Hey, Jeansbügler! Get fluent with these German insults

Hey, Jeansbügler! Get fluent with these German insults

by Lingoda Team

Updated October 7, 2020

Learning German but struggling to express yourself in heated situations? Sometimes it’s hard to find the words (or insults) to show your frustration. Insults, expressions and sayings aren’t always the first thing you learn when starting a new language, but they’re definitely the most fun! The German language has many wonderful insults, typically made up of compound nouns (words which are made up of two or more nouns).  Did you know that the longest German compound noun contains 81 letters?  Don’t worry, their insults aren’t quite as long!

We’ve spoken to our native German Lingodies and  German students, and put together a list of German insults and compound nouns to help you out when the text books can’t. 

How to insult people in German

Ever get cold feet in the winter?

Der Sockenschläfer

Someone who wears socks in bed. What a loser!

Der Sockenschläfer – someone who wears socks in bed.

Like to look clean cut with not a crease in sight?

You’re a  Jeansbügler

Someone who irons their jeans (who does that?!)

Jeansbügler – someone who irons their jeans

Does one of your colleagues find the boss’ jokes just a little bit too funny?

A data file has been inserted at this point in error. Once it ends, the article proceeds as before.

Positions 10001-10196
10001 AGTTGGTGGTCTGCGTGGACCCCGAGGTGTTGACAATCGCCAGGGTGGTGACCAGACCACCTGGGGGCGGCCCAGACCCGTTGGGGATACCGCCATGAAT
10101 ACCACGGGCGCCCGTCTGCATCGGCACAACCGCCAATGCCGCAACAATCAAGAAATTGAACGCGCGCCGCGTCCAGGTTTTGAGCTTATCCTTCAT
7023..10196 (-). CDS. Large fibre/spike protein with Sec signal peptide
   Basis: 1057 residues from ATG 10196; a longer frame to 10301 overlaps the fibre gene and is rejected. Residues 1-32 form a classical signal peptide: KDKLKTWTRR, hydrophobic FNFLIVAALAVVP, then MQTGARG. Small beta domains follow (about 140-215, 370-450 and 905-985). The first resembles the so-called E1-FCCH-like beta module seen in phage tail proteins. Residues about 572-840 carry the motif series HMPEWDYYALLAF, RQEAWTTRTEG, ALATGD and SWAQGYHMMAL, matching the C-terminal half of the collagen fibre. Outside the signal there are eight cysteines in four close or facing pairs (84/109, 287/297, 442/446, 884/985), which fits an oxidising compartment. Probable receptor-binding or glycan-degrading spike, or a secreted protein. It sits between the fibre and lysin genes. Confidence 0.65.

Feel free to call them a Chefwitzlacher

They laugh at the boss’s terrible jokes, whether they are funny or not.

In the pub but fancy something a bit warmer to drink? Sometimes there’s nothing better than a good cuppa!

Der Teetrinker

Someone who drinks tea whilst everyone else is drinking beer. 

We all know one, we’ve all seen one in the supermarket and tried not to stare….

Der Socken-in-Sandalen-Träger

“The socks-in-sandals wearer”

Der Socken-in-Sandalen-Träger – "The socks-in-sandals wearer" german insult

We’ve got just the insult for your local ten-bob-millionaire!

Der Lackaffe

Simple and to the point. Lackaffe means someone who likes to dress overly flashy in order to attract attention to themselves, or to show off!

We all know someone who can be a little ditsy.

In German, they are called die Pappnase

This is used in a loving way to insult someone who might not always see the obvious! 

In English, we may refer to them as an airhead.

Der Hohlkopf 

The literal translation meaning “a head with nothing inside”

Der Hohlkopf - the literal translation meaning "a head with nothing inside" german insult

Der Weichei

Literally meaning “a soft egg”. If someone uses this German insult to describe you, they’re saying you’re a wimp, basically!

Nobody likes a nitpicker!

Der Erbsenzähler

The literal translation is “pea counter”. It’s used to describe someone who complains about everything. Oh dear!

So, now you have some of the top German insults, just be careful who you use them with!

If you’d like to know more about the German language, take a Lingoda class. You can learn more about German culture, traditions and, of course, improve your speaking skills.